- I have to finding the web site of the code. And I may only have a jar name to go by. So Google helps. But that is a whole procedure in itself that should be unecessary. If you have an image in your browser you know where it is located by right-clicking over it and selecting the URL. Why not so with code?
- Then I have to browse a web page, which may not be written in my language, and find the repository of the source code
- Then I have to find the command line to download the source code, or the command in the IDE and also somehow guess which version number produced the jar I am using.
- Once downloaded, and this can take some time, I may have to find the build procedure. There are a few out there. Luckily ant and maven are catching on. But some of these files can be very complicated to understand.
- Then I have to link the source code on my local file system to the jar on my local file system my project is using. In NetBeans this is exceedingly tedious - sometimes I have found it to be close to impossible even. IntelliJ has a few little tricks to automate some of this, but it can be pretty nasty too, requiring jumping around different forms. Especially if a project has created a large number of little jar files.
- And then all that work is only valid for me. Because all references are to files on my local file system, they cannot be published. NetBeans is a huge pain here in that it often creates absolute file URLs in its properties files. By replacing them with relative urls one can get publish some of the results, but at the cost of copying every dependency into the local repository. And working out what is local and what is remote can take up a lot of time. It will work on my system, but not on someone else's.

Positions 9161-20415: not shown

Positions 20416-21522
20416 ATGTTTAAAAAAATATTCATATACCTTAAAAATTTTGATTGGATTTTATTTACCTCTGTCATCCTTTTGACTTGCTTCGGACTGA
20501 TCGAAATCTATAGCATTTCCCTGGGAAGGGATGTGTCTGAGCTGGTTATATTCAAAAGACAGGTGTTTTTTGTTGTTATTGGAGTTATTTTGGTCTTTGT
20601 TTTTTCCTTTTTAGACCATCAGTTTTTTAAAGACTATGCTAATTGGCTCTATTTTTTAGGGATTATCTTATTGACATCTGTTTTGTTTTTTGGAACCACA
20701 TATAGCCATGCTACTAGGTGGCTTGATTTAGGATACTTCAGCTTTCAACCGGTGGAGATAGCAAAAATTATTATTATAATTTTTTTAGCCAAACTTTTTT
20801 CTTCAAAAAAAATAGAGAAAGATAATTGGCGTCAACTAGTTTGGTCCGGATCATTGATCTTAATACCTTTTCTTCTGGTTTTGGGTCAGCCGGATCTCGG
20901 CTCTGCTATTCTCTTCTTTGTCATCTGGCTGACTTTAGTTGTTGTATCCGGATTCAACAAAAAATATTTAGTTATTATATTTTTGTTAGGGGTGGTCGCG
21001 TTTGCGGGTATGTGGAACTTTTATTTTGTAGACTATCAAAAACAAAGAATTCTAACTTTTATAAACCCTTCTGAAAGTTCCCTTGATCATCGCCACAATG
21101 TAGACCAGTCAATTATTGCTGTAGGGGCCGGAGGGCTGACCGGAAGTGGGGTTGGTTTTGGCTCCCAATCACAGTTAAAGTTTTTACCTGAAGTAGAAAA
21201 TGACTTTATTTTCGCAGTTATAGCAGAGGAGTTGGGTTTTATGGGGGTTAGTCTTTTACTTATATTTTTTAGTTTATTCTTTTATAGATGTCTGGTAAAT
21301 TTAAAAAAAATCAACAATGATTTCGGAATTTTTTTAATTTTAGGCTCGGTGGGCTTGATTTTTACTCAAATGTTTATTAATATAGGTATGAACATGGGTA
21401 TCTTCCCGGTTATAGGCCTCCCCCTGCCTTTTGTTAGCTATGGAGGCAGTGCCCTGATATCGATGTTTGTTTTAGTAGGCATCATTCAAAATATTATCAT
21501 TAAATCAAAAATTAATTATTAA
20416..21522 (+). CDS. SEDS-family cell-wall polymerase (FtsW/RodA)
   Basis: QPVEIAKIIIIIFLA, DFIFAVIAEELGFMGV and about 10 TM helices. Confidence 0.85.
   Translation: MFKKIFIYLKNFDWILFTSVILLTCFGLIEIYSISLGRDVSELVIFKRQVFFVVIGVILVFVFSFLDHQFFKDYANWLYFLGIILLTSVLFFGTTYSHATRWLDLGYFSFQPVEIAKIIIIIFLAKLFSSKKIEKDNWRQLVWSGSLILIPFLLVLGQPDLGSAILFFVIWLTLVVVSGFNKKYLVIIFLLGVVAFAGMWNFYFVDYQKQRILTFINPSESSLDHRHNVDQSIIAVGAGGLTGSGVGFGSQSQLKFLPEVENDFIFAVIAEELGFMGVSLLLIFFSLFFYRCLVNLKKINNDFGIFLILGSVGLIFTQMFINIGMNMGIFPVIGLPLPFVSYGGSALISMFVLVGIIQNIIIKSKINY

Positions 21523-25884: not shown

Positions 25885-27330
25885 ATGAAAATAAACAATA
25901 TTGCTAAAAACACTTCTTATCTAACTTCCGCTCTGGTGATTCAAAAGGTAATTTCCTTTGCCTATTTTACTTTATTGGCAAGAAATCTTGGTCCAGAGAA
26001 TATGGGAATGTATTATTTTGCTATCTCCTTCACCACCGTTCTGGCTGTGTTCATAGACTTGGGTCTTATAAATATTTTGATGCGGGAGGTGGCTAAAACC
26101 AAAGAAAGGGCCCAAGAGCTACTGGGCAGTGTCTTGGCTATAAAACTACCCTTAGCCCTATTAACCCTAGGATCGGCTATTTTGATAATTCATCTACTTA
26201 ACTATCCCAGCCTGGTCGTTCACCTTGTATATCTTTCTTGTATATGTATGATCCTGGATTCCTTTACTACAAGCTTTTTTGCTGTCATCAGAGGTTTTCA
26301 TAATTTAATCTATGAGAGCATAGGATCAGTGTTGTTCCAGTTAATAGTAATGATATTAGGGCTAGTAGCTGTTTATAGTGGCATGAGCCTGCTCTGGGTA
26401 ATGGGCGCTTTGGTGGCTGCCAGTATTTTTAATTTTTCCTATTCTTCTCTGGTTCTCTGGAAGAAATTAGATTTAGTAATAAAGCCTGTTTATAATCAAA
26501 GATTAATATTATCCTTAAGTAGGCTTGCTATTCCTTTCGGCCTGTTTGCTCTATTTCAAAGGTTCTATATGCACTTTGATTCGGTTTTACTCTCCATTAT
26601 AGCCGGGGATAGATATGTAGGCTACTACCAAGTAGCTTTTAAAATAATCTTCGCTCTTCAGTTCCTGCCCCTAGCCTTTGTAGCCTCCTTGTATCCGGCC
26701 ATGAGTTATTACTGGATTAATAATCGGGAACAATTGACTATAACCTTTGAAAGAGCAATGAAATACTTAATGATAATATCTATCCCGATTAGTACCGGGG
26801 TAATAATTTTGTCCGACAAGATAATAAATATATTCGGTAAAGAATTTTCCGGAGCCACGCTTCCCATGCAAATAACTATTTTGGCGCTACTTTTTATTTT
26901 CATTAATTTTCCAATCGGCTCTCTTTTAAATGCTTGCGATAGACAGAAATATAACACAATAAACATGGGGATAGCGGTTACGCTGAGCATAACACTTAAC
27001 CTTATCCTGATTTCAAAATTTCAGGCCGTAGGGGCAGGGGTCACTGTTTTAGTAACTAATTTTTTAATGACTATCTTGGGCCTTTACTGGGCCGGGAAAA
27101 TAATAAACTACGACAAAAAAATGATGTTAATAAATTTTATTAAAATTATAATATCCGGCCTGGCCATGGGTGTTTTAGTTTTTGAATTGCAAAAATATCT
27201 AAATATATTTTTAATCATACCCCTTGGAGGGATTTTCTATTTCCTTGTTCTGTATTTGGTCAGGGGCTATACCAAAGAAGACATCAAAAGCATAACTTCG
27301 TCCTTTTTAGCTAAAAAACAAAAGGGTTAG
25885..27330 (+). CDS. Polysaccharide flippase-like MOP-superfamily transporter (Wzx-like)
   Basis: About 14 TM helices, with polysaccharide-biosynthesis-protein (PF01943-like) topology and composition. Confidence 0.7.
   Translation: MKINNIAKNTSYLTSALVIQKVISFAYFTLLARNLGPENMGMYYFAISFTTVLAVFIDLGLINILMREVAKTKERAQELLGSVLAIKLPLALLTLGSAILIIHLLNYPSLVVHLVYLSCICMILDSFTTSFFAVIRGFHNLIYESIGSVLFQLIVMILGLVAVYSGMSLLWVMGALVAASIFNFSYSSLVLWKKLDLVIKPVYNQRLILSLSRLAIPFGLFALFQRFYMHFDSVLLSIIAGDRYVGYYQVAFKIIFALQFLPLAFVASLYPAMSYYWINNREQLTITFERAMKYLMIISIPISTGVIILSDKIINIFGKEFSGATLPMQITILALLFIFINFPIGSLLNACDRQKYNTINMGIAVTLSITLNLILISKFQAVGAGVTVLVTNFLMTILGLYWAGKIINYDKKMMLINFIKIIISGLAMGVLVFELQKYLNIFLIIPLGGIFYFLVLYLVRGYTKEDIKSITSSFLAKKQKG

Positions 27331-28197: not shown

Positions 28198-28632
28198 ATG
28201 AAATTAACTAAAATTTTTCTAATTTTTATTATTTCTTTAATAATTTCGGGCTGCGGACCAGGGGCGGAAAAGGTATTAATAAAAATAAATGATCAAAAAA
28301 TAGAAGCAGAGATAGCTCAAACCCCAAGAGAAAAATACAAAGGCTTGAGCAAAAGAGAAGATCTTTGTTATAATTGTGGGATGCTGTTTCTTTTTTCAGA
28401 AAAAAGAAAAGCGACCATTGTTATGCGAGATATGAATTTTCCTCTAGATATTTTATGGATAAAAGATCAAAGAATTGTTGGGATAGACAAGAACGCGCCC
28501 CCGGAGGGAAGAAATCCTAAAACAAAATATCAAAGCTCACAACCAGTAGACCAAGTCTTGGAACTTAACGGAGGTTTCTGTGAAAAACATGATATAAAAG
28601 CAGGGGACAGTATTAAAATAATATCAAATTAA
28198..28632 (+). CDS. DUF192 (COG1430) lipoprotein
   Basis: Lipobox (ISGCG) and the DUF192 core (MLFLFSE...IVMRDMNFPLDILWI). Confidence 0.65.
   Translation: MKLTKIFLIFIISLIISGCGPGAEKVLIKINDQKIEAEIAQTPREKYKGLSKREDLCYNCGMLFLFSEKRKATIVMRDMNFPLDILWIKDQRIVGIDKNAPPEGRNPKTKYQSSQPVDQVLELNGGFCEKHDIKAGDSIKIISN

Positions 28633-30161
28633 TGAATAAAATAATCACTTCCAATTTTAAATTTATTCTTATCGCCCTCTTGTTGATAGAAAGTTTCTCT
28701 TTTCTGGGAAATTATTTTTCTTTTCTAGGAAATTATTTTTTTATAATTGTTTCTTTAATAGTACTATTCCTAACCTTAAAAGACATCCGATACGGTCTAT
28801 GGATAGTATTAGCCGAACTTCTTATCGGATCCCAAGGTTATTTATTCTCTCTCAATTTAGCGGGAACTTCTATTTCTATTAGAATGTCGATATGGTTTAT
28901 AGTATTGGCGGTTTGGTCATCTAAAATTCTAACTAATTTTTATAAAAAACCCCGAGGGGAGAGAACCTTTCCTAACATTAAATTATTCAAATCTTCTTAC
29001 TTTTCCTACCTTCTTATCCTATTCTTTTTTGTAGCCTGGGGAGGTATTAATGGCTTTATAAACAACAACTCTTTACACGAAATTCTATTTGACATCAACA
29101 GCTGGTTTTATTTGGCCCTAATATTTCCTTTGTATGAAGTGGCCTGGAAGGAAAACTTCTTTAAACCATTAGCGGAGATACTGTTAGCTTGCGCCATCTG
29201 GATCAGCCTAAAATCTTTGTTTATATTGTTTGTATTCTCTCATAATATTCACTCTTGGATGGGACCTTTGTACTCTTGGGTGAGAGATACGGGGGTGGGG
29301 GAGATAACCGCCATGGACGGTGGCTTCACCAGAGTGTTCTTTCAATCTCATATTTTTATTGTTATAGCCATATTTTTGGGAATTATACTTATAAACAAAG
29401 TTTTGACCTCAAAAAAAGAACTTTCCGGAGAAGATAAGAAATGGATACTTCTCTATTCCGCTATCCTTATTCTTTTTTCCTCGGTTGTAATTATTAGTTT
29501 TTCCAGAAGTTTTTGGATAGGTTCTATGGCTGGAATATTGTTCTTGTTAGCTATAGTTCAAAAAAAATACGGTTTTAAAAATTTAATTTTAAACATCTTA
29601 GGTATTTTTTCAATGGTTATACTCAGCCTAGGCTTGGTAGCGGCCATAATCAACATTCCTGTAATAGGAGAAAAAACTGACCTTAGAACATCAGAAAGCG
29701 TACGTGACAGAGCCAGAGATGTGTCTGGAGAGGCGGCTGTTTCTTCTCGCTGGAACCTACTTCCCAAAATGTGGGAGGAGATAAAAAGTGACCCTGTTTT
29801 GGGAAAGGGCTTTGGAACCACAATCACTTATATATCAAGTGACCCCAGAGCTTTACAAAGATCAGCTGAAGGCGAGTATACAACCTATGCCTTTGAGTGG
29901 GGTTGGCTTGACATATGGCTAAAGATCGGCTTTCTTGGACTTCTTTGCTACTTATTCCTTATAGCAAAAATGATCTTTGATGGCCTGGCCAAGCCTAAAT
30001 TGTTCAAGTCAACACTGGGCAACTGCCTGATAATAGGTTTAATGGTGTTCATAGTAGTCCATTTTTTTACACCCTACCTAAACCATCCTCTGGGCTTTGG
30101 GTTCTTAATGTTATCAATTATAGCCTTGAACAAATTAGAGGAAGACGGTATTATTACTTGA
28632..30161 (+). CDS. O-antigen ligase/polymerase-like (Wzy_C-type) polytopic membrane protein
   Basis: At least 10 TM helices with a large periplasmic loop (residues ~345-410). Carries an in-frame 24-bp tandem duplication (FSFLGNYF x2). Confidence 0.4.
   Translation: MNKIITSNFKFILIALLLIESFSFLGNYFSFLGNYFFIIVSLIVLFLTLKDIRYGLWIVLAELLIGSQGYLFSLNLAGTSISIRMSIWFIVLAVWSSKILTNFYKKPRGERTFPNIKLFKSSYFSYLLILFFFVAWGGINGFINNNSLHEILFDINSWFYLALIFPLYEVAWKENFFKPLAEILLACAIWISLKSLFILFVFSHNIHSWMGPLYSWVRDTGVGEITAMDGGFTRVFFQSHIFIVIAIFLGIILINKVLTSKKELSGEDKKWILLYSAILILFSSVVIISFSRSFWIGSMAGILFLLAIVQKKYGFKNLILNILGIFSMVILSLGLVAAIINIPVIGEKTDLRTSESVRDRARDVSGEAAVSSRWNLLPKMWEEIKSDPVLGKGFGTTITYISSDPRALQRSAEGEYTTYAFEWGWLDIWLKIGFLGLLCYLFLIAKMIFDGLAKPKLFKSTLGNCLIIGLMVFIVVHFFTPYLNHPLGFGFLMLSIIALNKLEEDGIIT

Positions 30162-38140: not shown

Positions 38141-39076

- Once that project downloaded one may discover that it depends on yet another project, and so we have to go back to step 1.
So why do we have to tie together all the components on our local file system? This is because the IDE's are not referring to the resources with global identifiers. The owner of the junit project should say somewhere, in his doap file perhaps that:
@prefix java: <http://java.net/ont/java#> . #made this up @prefix code: <http://todo.eg/#> . <http://project.eg/svn/lib/junit-4.0.jar> a java:Jar; code:builtFrom <http://junit.sourceforge.net/> . #what would be needed here needs to be worked out more carefully. The point is that we don't #at any point refer to any local file.
Because this future IDE we are imagining together will then know that it has stored a local copy of the jar somewhere on the local file system, and because it will know where it placed the local copy of the source code, it will know how the cached jar relates to the cached source code, as illustrated in the diagram above. So just as when you click on a link on your web browser you don't have to do any maintenance to find out where the images and html files are cached on your hard drive, and how one resource (you local copy of an image) relates to the web page, so we should not have to do any of this type of work in our Development Environment either.
From here many other things follow. A couple of years ago I showed how this could be used link source code to bugs, to create a distributed bug database. Recently I showed how one could use this to improve build scripts. Why even download a whole project if you are stepping through code? Why not just fetch the code that you need when you need it from the web? One HTTP GET at a time. The list of functional improvements is endless. I welcome you to list some that you come up with in the comments section below.
If you want to make a big impact in the IDE space, that will be the way to go.